At the end of the day, follow the same procedure. If you had a drive on the way home, make sure to step outside, even if it’s just to check the mail and take the dogs out for a walk! Listen to music for a few minutes before you leave the office to wind down, just like you would listen to the radio on your way home. Call a family member for a chat if you use your driving time to catch up. Get creative and make sure you follow the same routine each weekday.

Hopefully, you can start to see a light within these strange times as you optimize your work environment. Remember to keep your mental health at the center of your focus; if you aren’t feeling your best, you can’t give your job 100% either. Your mental health also has an effect on the family members you live with. Allow yourself some room to learn and grow throughout this transition, and you’ll be owning remote work like a boss!

Your Guide to Working From Home: Part One

If you’re one of the lucky Americans who are able to work remotely from home right now during this time of volatile employment, first and foremost, take a moment for a deep breath and a pat on the back; send your boss a thank-you email or note, if that’s your cup of tea. All of this aside, working from home isn’t as easy and care-free as you might have once thought – you might be in the process of realizing that right now. 

It’s tough to stay focused and productive when you are surrounded by distractions: the pint of ice cream, your photogenic dog, the toddler throwing a tantrum in the room across the house. So, how does one actually stay productive in an environment that’s not 100% akin to a workplace environment? We have some tips and tricks to help keep both you and your family sane.

Block Out Time for Distractions

That’s right – allow time to pet the dog, visit your toddler, and eat that ice cream after your lunch break. If you are smart and limit your time spent on these relaxing activities, you won’t feel deprived and unable to focus during the day. Allow working from home to come with perks; if you don’t, you’ll struggle to stay focused and feel locked in your office space. If you were at the office, you would be taking bathroom breaks, stretch breaks, and trips to see co-workers. Use your time wisely, but don’t feel like you need to be chained to your computer!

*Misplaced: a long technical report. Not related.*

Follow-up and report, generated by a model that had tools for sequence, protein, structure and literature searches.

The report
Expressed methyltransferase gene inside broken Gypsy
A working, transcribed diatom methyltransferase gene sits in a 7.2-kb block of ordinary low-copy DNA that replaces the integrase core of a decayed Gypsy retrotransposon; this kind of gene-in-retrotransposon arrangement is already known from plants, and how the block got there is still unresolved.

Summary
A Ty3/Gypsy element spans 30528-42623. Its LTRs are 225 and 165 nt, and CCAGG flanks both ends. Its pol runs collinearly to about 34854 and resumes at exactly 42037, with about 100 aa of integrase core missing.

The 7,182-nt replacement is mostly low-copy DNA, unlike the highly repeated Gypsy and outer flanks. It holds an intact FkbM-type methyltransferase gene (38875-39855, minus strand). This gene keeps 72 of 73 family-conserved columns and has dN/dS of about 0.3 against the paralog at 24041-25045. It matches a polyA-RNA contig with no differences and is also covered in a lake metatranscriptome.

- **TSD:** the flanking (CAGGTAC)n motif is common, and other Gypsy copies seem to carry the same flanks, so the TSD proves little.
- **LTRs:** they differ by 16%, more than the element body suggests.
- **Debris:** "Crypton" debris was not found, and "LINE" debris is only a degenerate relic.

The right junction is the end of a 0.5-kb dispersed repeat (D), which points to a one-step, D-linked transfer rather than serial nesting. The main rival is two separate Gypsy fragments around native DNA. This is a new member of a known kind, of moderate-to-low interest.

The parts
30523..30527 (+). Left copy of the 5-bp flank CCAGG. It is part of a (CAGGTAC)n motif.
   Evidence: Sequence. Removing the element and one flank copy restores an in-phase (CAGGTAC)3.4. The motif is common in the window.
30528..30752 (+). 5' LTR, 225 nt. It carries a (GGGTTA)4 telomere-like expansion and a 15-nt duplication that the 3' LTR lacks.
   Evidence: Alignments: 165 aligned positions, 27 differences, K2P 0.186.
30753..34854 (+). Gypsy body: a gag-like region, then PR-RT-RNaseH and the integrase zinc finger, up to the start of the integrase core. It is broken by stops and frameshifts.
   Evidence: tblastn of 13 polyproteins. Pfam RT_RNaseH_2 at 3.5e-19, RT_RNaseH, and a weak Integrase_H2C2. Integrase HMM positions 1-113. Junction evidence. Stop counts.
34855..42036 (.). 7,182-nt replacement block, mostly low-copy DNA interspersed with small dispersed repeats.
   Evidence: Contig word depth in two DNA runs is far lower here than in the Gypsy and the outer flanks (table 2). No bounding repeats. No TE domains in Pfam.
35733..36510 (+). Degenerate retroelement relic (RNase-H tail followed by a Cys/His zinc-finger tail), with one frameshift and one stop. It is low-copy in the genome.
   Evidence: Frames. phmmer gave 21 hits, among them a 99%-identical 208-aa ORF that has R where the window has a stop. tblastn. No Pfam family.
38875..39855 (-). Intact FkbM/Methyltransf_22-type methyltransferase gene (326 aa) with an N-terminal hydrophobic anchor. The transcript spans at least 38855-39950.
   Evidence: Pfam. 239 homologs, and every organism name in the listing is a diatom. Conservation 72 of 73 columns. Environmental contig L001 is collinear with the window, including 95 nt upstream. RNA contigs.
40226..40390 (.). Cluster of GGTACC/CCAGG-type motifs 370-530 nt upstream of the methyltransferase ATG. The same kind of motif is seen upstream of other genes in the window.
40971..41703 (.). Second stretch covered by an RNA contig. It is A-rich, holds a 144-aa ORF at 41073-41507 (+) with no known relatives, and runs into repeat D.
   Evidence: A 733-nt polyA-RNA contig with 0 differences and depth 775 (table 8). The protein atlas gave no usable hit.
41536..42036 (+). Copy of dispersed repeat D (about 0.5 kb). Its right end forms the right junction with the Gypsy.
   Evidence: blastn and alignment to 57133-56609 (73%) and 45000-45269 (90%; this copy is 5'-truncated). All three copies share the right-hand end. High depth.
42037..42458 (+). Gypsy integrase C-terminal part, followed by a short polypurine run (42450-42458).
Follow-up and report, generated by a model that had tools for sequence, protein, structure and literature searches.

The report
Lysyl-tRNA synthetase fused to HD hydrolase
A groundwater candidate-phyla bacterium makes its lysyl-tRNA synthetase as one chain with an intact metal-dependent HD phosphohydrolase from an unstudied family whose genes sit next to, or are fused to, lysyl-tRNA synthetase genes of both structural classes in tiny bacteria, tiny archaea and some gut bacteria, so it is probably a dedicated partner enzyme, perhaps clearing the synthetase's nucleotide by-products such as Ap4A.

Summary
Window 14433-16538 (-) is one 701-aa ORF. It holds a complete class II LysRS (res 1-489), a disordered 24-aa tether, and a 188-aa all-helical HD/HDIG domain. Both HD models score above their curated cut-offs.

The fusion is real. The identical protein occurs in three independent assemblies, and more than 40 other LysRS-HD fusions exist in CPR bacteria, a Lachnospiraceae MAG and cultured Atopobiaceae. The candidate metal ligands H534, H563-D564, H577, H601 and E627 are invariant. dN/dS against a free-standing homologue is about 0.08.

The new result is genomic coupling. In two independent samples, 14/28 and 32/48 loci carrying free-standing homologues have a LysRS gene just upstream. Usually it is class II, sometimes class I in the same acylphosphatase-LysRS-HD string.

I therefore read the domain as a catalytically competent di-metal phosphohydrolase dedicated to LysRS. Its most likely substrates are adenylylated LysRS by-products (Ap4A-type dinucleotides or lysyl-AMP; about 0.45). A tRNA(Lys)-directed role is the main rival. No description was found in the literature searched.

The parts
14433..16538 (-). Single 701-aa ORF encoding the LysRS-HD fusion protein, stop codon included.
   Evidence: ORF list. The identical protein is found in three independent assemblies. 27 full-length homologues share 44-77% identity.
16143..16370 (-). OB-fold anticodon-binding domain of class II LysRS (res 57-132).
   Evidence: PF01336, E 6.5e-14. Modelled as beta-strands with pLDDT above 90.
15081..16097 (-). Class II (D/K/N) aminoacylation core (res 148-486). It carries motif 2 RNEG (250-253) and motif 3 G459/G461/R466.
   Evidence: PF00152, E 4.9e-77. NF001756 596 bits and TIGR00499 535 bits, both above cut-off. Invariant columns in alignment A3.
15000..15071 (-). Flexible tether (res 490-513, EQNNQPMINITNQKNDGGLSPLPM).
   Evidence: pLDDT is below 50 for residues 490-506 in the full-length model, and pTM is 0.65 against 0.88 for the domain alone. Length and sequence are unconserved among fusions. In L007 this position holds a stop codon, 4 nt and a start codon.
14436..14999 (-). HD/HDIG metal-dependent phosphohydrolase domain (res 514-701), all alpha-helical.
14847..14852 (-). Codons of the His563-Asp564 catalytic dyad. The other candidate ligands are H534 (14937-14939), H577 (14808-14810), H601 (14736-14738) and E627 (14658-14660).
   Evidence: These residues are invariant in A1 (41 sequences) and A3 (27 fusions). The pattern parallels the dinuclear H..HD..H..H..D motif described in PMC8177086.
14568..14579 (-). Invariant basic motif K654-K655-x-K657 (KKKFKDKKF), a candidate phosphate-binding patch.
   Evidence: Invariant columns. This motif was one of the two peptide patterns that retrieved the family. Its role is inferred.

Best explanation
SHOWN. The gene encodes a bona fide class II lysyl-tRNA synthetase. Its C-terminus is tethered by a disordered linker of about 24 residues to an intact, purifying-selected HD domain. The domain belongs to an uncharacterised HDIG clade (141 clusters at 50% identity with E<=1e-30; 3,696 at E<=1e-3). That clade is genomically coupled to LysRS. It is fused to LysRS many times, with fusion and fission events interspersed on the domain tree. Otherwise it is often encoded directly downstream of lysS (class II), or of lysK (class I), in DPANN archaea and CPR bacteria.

Get Outside

This easily becomes the most difficult thing to do during quarantine, especially for those who are working remotely. Experiencing the great outdoors can have significant mood-boosting effects, so don’t forget to peek your head out into the sunshine at least twice per day; this is what you would have done going to and from work each day anyway! Take your fifteen-minute breaks outside with a cup of fresh coffee, or eat lunch outside with your family. Choose to view these in-between moments like coming up for air – you’re at home, so make good use of the time you have!

Ergonomics

If there’s one thing that will make or break your time spent working from home, it’s an efficient workspace. While most of us don’t have the extra cash to spend on a work set-up right now, it’s still extremely important that your desk doesn’t cause you discomfort or pain. Remember to take frequent stretch breaks so that your muscles don’t tense up, sit up straight, and keep your keyboard and mouse at elbow level. If your feet are not gently resting on the floor, find a way to elevate your chair or feet so that there isn’t any extra strain on your back. 

Working with a laptop? Consider investing in a mouse and keyboard that can be repositioned to allow your screen to be at eye level. Contact your HR department to see what they can do to help you work from home more comfortably – most companies are aware of the increased strain on ergonomics during this awkward time.